Listed below are many examples of “translated” novels. This list includes non-fiction in different genre from classic to contemporary that have been adapted into graphic form. Listed in no particular order, many of these book titles may be familiar to you:
- Twilight: The Graphic Novel, Vol. 1 (Twilight: The Graphic Novel, #1)
- A Game of Thrones: The Graphic Novel, Volume One
- Fahrenheit 451: The Authorized Adaptation
- Murder on the Orient Express
- Pride & Prejudice
- King Lear By William Shakespeare. Adapted by Ian Pollock
- Kindred: A Graphic Novel Adaptation
- To Kill a Mockingbird: A Graphic Novel
- Crime and Punishment: A Graphic Novel (Illustrated Classics)
- Importance of Being Earnest the Graphic Novel: Original Text
- The Hobbit: Graphic Novel
- I Am Legend by Steve Niles (Adaptation)
- A Wrinkle in Time: The Graphic Novel
- Sherlock Holmes: The Hound of the Baskervilles
- Alice in Wonderland – Special Collector’s Manga
- The Wind in the Willows
- Charles Darwin’s On the Origin of Species: A Graphic Adaptation
This list represents just a few of the hundreds of available adaptations.
Most comic book collectors first choose a purpose for their collection, which might be simply for pleasure, as an investment strategy, or any other desire or goal. A collector can define their focus to those of a particular time period (pre-WWII) or genre (horror or manga, etc.), to showcase different artwork styles, have unique or interesting storylines, to collect pop culture memorabilia, or any other goal.
You can find collectible comics in many places, including independent specialty comic book shops, as well as at comic book conventions, flea markets, auctions, and private dealers. Serious collectors must also learn proper storage and preservation techniques, such as placing comics protective sleeves and storing them away from direct light and heat or humidity.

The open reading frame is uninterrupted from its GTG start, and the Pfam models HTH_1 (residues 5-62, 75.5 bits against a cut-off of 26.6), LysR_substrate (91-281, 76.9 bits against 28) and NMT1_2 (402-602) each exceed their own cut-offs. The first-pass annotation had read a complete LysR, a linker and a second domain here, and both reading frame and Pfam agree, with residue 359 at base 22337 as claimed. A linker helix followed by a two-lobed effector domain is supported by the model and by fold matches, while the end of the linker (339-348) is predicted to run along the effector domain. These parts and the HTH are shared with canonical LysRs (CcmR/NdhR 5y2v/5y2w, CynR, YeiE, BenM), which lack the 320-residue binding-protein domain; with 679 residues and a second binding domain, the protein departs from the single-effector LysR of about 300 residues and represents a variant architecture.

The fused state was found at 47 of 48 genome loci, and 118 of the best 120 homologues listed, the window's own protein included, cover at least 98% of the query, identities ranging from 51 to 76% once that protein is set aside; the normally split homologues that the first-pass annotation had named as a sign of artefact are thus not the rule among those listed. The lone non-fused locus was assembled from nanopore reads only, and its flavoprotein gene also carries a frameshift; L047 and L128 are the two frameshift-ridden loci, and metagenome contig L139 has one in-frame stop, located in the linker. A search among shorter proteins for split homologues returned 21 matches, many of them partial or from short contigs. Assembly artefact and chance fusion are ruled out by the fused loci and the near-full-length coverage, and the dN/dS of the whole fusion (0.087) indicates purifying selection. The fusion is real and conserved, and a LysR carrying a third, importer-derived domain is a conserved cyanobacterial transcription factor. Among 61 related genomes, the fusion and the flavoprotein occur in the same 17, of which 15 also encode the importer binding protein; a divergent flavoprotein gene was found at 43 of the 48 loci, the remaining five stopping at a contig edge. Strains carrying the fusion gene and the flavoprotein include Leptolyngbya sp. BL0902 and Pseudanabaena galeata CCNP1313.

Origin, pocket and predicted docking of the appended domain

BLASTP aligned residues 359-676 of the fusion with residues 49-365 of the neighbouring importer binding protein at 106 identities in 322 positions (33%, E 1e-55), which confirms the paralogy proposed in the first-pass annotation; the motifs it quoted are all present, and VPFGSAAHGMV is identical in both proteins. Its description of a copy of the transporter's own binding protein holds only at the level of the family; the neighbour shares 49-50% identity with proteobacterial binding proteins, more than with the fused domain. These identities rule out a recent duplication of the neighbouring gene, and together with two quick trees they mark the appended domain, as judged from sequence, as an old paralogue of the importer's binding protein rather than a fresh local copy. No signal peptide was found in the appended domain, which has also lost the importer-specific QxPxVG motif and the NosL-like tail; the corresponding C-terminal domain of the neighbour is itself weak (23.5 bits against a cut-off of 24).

If you decide to collect comics beyond a few for pleasure reading, be sure to set a budget, start slowly, and visit independent comic shops. Avoid impulse buys or emotional purchases. Talk with owners and staff about comics and graphic novels. Research carefully before you plunk down your hard-earned cash. The Overstreet Comic Book Price Guide lists the current value of individual comics. Whatever your approach, collecting comics should be fun!
Free Comic Book Days
Different independent comic book shops have policies on the distribution of comics on free comic book days. But you should receive at least one free comic if you enter a participating shop location.
Free Comic Book Day first Saturday in May
Since 2002, Free Comic Book Day has been held the first Saturday in May. As the day approaches, www.FreeComicBookDay.com will update the list of participating retailers. You can usually check this list beginning in early April. Subscribe to their e-mail newsletter to be alerted when the database is ready.
In 2022, free comic book day is scheduled for May 7, 2022. We found the following events taking place for Free Comic Bok Day 2022:
Find comic book shop near you: Shop Listing – Free Comic Book Day
Halloween ComicFest in October
Halloween ComicFest is held on the last Saturday in October. It’s the Spooky version of Free Comic Book Day! While the Free Comic Book Day in May includes all genres, ComicFest focuses on Halloween and horror-themed comic books, collectibles, and other merchandise. Participating comic book specialty shops across North America and around the world give away specially published comic books absolutely free to anyone who comes into their shops.
- In 2021, Halloween ComicFest was cancelled but is expected to return for 2022. Stay tuned….
More info: Halloween Comic Fest